GREEK ELECTIONS/ Deliolanes: the challenge that awaits the two victors
Alexis Tsipras (Infophoto)
The conservative New Democracy won first place with about 29.7% of the vote, followed by the radical left Syriza with about 27%. These are the results of yesterday’s elections in Greece, rightly or wrongly regarded as decisive for the fate of the euro. The socialist PASOK collapsed, collecting just 12.2%, while the neo-Nazi Golden Dawn captured almost 7%. Ilsussidiario.net contacted Dimitri Deliolanes, a Greek public television (ERT) reporter to ask him to comment on the exit polls. According to Delionales, the election brings a new bipolarity: on the one hand is New Democracy, which has the challenge of renegotiating the Memorandum of Understanding with its EU allies, while on the other hand there is Syriza, which will have to abandon its more extreme positions to accommodate the real situation of the country.
Compared to the results of the May 6 elections, are there substantial differences?
A new bipartisanship has emerged, represented by, on the one hand, the party of the tradition, New Democracy, and on the other by a new force, Syriza. The smaller parties are suffering, seeing their space downsized.
What will the new scenario be in Greece after this election?
The growth of Syriza, led by Tsipras, was due to the fact that it emerged as the party that had most consistently fought against the Memorandum of Understanding signed with Germany. Syriza thus took most of the PASOK electorate, who were disappointed and turned en masse to Tsipras’ party. The Socialist Party collapsed from 44% in 2009 to 12.2% yesterday. It is clear, therefore, that its votes went to the radical left.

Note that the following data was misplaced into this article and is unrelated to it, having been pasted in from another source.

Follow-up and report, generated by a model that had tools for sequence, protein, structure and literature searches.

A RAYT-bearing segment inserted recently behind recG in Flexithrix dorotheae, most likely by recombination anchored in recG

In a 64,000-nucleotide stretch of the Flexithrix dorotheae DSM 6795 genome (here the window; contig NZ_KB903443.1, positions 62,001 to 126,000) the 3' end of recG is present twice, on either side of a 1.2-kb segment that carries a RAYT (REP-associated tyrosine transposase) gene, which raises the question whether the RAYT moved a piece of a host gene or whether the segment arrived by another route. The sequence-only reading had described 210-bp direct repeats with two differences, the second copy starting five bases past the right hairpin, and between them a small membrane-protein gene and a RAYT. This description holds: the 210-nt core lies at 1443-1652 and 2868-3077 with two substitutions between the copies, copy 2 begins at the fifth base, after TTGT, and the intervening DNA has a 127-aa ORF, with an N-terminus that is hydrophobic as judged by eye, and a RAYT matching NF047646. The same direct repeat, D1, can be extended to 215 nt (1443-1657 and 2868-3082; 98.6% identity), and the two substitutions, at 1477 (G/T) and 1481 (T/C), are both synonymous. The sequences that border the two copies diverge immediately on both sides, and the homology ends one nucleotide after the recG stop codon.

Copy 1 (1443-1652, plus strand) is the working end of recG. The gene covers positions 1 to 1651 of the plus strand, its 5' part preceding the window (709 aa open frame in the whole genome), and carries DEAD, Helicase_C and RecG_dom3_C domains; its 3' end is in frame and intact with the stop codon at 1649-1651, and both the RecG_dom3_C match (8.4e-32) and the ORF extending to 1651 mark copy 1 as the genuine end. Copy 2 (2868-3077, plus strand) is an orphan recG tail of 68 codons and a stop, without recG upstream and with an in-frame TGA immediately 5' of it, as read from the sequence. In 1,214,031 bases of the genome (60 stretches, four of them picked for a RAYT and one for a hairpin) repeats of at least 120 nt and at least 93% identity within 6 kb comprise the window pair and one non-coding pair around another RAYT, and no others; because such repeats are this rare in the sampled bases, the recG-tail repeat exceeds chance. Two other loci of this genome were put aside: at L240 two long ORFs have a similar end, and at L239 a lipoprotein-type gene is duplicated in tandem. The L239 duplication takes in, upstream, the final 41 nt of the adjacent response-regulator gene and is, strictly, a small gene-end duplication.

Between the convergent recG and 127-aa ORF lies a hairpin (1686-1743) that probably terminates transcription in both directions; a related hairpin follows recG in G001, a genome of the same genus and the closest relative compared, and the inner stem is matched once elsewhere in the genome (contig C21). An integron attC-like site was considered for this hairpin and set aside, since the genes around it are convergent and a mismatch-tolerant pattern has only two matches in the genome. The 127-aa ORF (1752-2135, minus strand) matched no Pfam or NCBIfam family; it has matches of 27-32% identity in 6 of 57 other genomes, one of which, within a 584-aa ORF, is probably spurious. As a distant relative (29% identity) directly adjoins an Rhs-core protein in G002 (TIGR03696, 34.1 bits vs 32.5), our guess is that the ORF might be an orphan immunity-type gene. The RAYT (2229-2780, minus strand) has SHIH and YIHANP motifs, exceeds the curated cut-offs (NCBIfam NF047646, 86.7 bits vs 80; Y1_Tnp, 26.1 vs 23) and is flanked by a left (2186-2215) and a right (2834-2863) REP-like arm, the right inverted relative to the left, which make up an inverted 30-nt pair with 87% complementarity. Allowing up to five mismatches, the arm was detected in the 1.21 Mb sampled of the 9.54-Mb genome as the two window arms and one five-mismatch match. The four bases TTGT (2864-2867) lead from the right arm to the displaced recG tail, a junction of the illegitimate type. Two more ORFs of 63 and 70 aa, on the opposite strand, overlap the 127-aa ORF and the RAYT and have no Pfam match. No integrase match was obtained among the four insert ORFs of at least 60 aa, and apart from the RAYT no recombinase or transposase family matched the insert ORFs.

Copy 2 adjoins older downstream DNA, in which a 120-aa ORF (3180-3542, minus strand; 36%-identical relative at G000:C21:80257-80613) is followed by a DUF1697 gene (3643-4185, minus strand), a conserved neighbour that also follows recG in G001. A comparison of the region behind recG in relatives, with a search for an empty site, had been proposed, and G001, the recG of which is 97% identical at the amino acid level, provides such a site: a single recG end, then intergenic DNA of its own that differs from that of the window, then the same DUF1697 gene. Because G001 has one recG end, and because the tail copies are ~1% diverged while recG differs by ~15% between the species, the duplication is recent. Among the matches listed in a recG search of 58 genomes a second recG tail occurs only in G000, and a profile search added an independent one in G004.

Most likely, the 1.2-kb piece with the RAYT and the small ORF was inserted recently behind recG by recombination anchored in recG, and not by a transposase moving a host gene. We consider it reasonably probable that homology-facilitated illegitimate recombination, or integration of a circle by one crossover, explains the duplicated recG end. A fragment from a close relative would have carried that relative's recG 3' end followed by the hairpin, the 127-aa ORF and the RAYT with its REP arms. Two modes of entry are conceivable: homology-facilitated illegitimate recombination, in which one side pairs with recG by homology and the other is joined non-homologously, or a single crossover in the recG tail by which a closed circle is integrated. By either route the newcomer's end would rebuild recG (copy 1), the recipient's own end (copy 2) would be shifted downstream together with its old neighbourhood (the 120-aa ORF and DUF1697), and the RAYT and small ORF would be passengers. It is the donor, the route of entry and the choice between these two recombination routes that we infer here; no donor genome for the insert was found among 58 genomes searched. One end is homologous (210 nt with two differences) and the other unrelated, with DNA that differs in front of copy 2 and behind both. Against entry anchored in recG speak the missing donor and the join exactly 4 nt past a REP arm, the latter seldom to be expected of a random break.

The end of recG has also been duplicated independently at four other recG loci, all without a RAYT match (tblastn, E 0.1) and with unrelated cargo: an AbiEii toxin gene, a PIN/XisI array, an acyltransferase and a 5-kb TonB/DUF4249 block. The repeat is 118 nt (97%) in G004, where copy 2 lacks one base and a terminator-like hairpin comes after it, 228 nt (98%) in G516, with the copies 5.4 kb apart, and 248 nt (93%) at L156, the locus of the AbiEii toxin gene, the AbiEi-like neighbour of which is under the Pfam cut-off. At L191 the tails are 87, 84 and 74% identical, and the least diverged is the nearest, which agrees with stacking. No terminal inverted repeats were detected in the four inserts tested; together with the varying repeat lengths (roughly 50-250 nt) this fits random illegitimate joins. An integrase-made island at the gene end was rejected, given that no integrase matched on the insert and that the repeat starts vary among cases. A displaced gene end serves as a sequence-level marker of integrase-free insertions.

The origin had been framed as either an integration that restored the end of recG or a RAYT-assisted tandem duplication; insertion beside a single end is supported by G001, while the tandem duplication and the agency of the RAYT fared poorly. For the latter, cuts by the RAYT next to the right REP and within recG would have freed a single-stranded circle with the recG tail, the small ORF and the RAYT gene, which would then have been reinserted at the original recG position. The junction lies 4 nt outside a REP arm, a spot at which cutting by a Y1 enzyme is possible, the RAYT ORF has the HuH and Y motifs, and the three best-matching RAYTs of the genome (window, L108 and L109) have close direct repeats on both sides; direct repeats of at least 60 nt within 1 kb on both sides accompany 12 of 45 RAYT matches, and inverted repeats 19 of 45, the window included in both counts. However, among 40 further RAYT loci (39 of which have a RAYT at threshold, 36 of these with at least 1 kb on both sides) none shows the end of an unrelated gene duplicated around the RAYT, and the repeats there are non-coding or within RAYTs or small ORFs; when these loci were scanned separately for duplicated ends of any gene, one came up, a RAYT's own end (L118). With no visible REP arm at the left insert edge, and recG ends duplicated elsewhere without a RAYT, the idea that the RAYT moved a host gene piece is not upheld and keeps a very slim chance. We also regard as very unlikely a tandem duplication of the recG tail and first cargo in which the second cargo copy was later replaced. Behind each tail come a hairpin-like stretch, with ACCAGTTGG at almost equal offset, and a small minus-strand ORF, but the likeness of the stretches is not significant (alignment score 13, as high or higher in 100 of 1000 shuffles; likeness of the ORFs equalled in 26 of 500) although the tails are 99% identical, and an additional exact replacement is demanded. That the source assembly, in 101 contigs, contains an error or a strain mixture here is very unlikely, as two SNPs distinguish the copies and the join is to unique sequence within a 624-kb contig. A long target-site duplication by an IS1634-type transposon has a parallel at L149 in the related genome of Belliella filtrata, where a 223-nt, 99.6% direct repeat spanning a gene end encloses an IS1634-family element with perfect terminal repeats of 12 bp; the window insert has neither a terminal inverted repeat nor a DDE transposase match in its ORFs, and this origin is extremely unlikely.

After the vote, what alliances can be made in the Greek Parliament?
The real distinction between parties is their position on the Memorandum of Understanding. New Democracy, in theory, could count on an alliance with PASOK, but PASOK has already announced that it will not participate in any government. At least on paper it will be easier for Syriza to find allies in the Democratic Left and the Independent Greeks.
Is an alliance between the two winners, Syriza and New Democracy, possible?
No. It is true that both intend to renegotiate the Memorandum, but in very different ways. The leader of New Democracy, Samaras, signed the second Memorandum, and among the reforms proposed by the center-right there are some positions that Syriza absolutely does not share, such as privatization and the sale of public assets. The government of national unity, which foundered after the May 6 elections, will not be resurrected in any way.
How do you explain the fact that New Democracy has been able to maintain its pool of voters?